(11) 
where
(12) 
for , where , are randomly fixed and denotes the componentwise product. The parameters and are the acceleration coefficients and is the inertia weight that is adaptively updated in our implementation (MezuraMontes and Coello Coello, 2011).
Uncertainty quantification with PSO is determined by means of a confidence strip approach: several realizations of the input data are computed by randomly perturbing the experimental set of visibility amplitudes with Gaussian noise whose standard deviation is set equal to the errors on the measurements; for each realization PSO is applied; and, finally, the standard deviation of each optimized source parameter is computed.
3.2 Sequential Monte Carlo
The second approach to image reconstruction from STIX visibility amplitudes is based on a Bayesian source identification method (Sciacchitano et al., 2019) which has proven capable of assessing, on RHESSI data (Sciacchitano et al., 2018): 1) the likely number of sources in the image, 2) the parameters characterizing each source, and 3) the associated uncertainties.
Given the current restriction on the calibration of the imaging system, and the consequent loss of information on the position of the flaring source, we restrict here the usage of the Sequential Monte Carlo (SMC) method to the identification of one single shape per image, which is one of the three described in Section 2 (Fig. 1). The resulting method is an alternative approach to the one outlined in (10), as we are here interested in providing probabilistic estimates of the set of sourcerelated parameters . In a Bayesian setting^{2}^{2}2
In a Bayesian setting, all the variables of the problem are considered as random variables, with information on their values encoded as their probability distributions. In the following we will use lowercase letters to indicate both the random variables and their specific values in a given instance.
, we need to describe the posterior distribution for the flare source parameters conditioned on the set of observed visibility amplitudes , which has the following form(13)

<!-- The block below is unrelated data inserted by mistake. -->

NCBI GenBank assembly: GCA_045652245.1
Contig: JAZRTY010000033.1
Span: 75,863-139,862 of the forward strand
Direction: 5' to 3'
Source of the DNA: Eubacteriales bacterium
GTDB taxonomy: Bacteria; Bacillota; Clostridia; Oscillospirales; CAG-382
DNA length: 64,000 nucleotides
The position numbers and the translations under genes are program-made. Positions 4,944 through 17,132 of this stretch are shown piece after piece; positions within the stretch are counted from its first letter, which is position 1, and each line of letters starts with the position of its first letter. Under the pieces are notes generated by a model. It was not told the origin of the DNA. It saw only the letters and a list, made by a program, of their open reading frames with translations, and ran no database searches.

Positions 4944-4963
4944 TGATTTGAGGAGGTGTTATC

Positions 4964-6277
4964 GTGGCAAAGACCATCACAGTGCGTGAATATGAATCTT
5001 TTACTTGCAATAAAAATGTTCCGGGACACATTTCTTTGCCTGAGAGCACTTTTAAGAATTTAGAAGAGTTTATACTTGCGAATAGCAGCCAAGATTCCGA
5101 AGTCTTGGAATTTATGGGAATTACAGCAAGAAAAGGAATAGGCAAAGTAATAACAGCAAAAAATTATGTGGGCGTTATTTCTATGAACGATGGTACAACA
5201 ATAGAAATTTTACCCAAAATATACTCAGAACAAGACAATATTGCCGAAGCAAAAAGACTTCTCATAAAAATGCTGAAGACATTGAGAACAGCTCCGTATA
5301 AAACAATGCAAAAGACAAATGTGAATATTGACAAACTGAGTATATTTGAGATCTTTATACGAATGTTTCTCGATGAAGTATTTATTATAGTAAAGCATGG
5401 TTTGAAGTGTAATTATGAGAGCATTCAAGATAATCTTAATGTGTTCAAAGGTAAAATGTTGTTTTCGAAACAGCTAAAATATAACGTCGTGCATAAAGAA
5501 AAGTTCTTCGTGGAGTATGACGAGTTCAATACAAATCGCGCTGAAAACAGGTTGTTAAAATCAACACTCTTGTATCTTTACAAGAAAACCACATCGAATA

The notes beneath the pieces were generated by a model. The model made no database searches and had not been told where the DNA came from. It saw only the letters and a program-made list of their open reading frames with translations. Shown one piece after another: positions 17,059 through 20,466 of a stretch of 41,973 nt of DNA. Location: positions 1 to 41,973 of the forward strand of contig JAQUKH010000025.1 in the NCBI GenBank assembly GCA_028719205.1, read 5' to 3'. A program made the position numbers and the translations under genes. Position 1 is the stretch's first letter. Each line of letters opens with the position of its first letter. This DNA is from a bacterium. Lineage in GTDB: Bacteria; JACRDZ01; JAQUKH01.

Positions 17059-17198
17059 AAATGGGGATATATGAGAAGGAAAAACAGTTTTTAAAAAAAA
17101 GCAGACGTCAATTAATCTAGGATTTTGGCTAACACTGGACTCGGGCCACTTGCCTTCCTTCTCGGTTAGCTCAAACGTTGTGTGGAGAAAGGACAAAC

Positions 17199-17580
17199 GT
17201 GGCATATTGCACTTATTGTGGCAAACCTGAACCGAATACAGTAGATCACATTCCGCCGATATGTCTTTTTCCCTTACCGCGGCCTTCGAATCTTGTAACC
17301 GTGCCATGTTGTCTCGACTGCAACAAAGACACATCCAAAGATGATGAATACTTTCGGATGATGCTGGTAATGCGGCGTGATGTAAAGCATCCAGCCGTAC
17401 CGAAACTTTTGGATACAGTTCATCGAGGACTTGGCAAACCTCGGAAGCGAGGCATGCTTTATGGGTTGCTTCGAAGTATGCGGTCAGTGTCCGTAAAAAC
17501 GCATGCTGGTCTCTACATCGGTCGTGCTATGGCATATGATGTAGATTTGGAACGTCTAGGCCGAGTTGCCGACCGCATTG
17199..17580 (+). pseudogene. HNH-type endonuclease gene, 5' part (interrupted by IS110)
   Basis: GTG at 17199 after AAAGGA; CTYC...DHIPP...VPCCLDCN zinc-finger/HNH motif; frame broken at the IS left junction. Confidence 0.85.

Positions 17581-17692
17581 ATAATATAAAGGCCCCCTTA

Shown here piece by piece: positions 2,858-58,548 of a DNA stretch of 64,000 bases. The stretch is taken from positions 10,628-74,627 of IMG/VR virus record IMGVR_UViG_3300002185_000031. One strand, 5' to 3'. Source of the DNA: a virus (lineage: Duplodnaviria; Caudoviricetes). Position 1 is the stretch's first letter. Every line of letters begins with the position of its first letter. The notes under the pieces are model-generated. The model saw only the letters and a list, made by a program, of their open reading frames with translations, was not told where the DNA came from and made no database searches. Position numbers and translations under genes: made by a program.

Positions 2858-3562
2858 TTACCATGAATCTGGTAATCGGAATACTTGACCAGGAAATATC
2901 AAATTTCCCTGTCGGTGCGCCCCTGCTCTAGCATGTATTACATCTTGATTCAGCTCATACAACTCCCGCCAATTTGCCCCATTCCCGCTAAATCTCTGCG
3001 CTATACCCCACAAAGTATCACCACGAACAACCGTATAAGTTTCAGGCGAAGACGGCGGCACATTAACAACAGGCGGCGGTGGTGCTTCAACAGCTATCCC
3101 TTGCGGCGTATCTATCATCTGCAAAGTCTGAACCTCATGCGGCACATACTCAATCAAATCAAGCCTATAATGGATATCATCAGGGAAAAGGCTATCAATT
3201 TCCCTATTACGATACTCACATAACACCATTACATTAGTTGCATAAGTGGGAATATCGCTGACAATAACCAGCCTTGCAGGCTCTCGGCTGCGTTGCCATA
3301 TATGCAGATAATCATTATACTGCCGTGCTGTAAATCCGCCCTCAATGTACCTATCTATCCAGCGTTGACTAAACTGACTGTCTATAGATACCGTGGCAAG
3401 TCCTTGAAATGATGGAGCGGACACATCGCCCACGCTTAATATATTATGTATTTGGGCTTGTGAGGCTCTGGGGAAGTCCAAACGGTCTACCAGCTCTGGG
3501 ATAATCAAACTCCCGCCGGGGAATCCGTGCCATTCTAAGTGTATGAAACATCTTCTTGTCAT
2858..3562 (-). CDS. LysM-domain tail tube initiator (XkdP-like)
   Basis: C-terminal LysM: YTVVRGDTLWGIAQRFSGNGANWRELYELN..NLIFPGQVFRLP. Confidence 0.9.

Here,
is the likelihood function, expressing the probability that the observed visibility amplitudes
are produced by an image with parameters ;is the prior probability on the set of parameters; and
is a normalisation factor.The likelihood function is assumed to be (Hurford et al., 2002)
(14) 
where the standard deviations are known. Statistical errors in the visibility data are directly inferred from photon statistics in the corresponding detectors. An additional allowance of is added in quadrature to account for systematic errors.
The choice for the prior distributions on the parameters is done according to Sciacchitano et al. (2018):
(15)  
(16)  
(17)  
(18)  
(19) 
where indicates the field of view of the map.
As a consequence of these choices for prior and likelihood, the posterior probability density results to be an analytically intractable function on a highdimensional space. Therefore, to compute it we use the SMC method
(Sciacchitano et al., 2018), which produces a sample set that is approximately distributed according to the posterior, and can be used to make inference on the values of the various parameters. Once the algorithm converges, the parameters of the reconstructed map are computed by using the mean values of the posterior distributions (for the different parameters). The notable advantage of this algorithm is that it is able to realize uncertainty quantification in a very elegant way. In fact, the availability of the posterior distribution allows the straightforward computation of the variance as the second moment associated to each source parameter, hence with no need to perturb the input visibility amplitudes’ bag. With respect to what done by